[MUSIC] Take the name of this annual event at its word: This is not music for the faint of heart or tender of ear. The folks performing at this year’s edition of Pure Harsh Noise Worship want to challenge your senses with an overload of volume and, in some cases, theatrics. Pay particular attention to the contact mic and bent-circuit attack of Sacramento artists Xome; Pieces, the collaboration that brings together the thunderous assault of Redneck and Kakerlak with the more subtle swirl of L.A.-based Oscillating Innards; and the angry, overheated radio static of Burrow Owl from Toronto. ROBERT HAM. Ash Street Saloon, 225 SW Ash St., 226-0430. 9 pm. $8. 21+. 

Recent Acquisitions: Modern and Contemporary Prints 
[ARTS] In Augen’s front gallery, George Johanson’s dreary monotypes make little impression. Gallerygoers who venture farther back in the space, however, will be rewarded with an astonishing collection of prints by world-renowned historical artists. Highlights are works on paper by two second-generation Abstract Expressionists, Joan Mitchell and Sam Francis. Both prints are small masterpieces of jubilant color and form,  superimposing organic shapes atop immaculate backgrounds. Mitchell’s and Francis’ work differed from firstgeneration Ab-Ex exemplars such as Jackson Pollock, in that their compositions exploited the figure/ground relationship rather than the “all-over-ness” of filled-to-the-gills picture planes. Mitchell and Francis were among the top talents of the Ab-Ex movement, and therefore of modern art itself. Through Aug. 31. Augen DeSoto, 716 NW Davis St., 224-8182.

Lord Dying, Howl, Sons of Huns
[METAL] No matter how speedy the eight tracks get on Lord Dying’s Relapse Records debut, Summon the Faithless, a river of black muck runs through their core. The slow, overdriven bassline that anchors “Water Under a Burning Bridge” and the Godzilla stomp of “Perverse Osmosis” are byproducts of the band’s many stoner- and sludgerock influences. But Summon rages as well. It comes out most boldly through singer-guitarist Erik Olson, who possesses one of the most earth-shaking baritones in modern metal, but it tears through everything the band does on record or onstage. Hell, rage is why these four got into the metal business in the first place. Having that outlet has kept all four playing heavy rock since their teens even when, in the case of Olson and guitarist Chris Evans, it meant being outcasts in their hometown of Salt Lake City. Now safely ensconced in Portland’s abundant metal community, Lord Dying has thrived, and with Summon the Faithless, its members have been anointed the city’s new kings of metal. ROBERT HAM. Mississippi Studios, 3939 N Mississippi Ave., 288-3895. 9 pm. $10. 21+.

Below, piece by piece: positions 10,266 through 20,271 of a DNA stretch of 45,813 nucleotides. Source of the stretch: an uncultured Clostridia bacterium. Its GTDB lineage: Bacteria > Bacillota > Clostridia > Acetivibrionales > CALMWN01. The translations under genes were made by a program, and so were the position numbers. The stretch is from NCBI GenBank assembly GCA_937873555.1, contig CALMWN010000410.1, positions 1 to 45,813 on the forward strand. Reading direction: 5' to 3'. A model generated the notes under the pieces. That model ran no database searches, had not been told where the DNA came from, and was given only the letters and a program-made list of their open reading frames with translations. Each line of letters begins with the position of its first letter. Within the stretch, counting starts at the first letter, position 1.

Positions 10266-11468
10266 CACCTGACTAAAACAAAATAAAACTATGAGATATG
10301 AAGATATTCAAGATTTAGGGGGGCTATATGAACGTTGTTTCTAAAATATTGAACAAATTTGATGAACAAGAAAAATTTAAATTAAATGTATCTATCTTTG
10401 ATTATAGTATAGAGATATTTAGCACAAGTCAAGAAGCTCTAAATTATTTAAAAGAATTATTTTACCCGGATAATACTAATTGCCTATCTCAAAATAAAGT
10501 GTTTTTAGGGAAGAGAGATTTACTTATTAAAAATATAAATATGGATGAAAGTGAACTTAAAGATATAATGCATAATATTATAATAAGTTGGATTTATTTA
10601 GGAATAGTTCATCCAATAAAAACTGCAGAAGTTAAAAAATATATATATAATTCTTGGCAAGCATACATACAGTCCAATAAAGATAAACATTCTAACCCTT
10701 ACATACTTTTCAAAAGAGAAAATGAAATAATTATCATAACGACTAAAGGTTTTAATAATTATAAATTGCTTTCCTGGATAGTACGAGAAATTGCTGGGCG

Sunday, August 18

The Mighty Mites Session Beer Fest
[DRINK] Taking place at the Hawthorne Street Fair in front of Bazi Bierbrasserie, Mighty Mites will be the only beer garden on the street, featuring sessionable beers with 5 percent ABV or below. The 12-deep selection of beers includes singlehopped IPAs from Burnside and Boneyard; wheaty, tart Berliner Weisses from 10 Barrel, Widmer Brothers and De Garde; and lager from Hop Valley. Beer cocktails, Salt & Straw ice cream and a hot-dog cart are on hand to keep the event family-friendly while mom and dad get willfully drunk on the myriad low-alcohol brews. Bazi Bierbrasserie, 1522 SE 32nd Ave., 234-8888. 11 am-7 pm. $10 includes a cup and four half-pour tickets. Additional tickets $2 each. All ages.

Dad Watson’s Festival of Americana: Shook Twins, Pete Krebs and his Portland Playboys
[MUSIC] So Bob Dylan, Wilco and My Morning Jacket ditched the Pacific Northwest on their AmericanaramA tour—a sincere “gosh dangit” moment—but who needs ’em anyway? DadFest pays tribute to Stumptown’s old-timey heritage with a laundry list of local folkies, games like corn hole and an onsite straight-shave barber to boot. Shook Twins headlines with its quirky, sisterly harmonies and equally eccentric instrumentation: ocarina, telephone microphone, etc. Pete Krebs and company will also be laying down their footstompin’ Western swing, while Wayward Vessel performs a set showcasing why the band placed second in the Telluride Bluegrass Festival Band Contest. BRANDON WIDDER. Crystal Ballroom, 1332 W Burnside St., 225-0047. 6 pm. $10. All ages.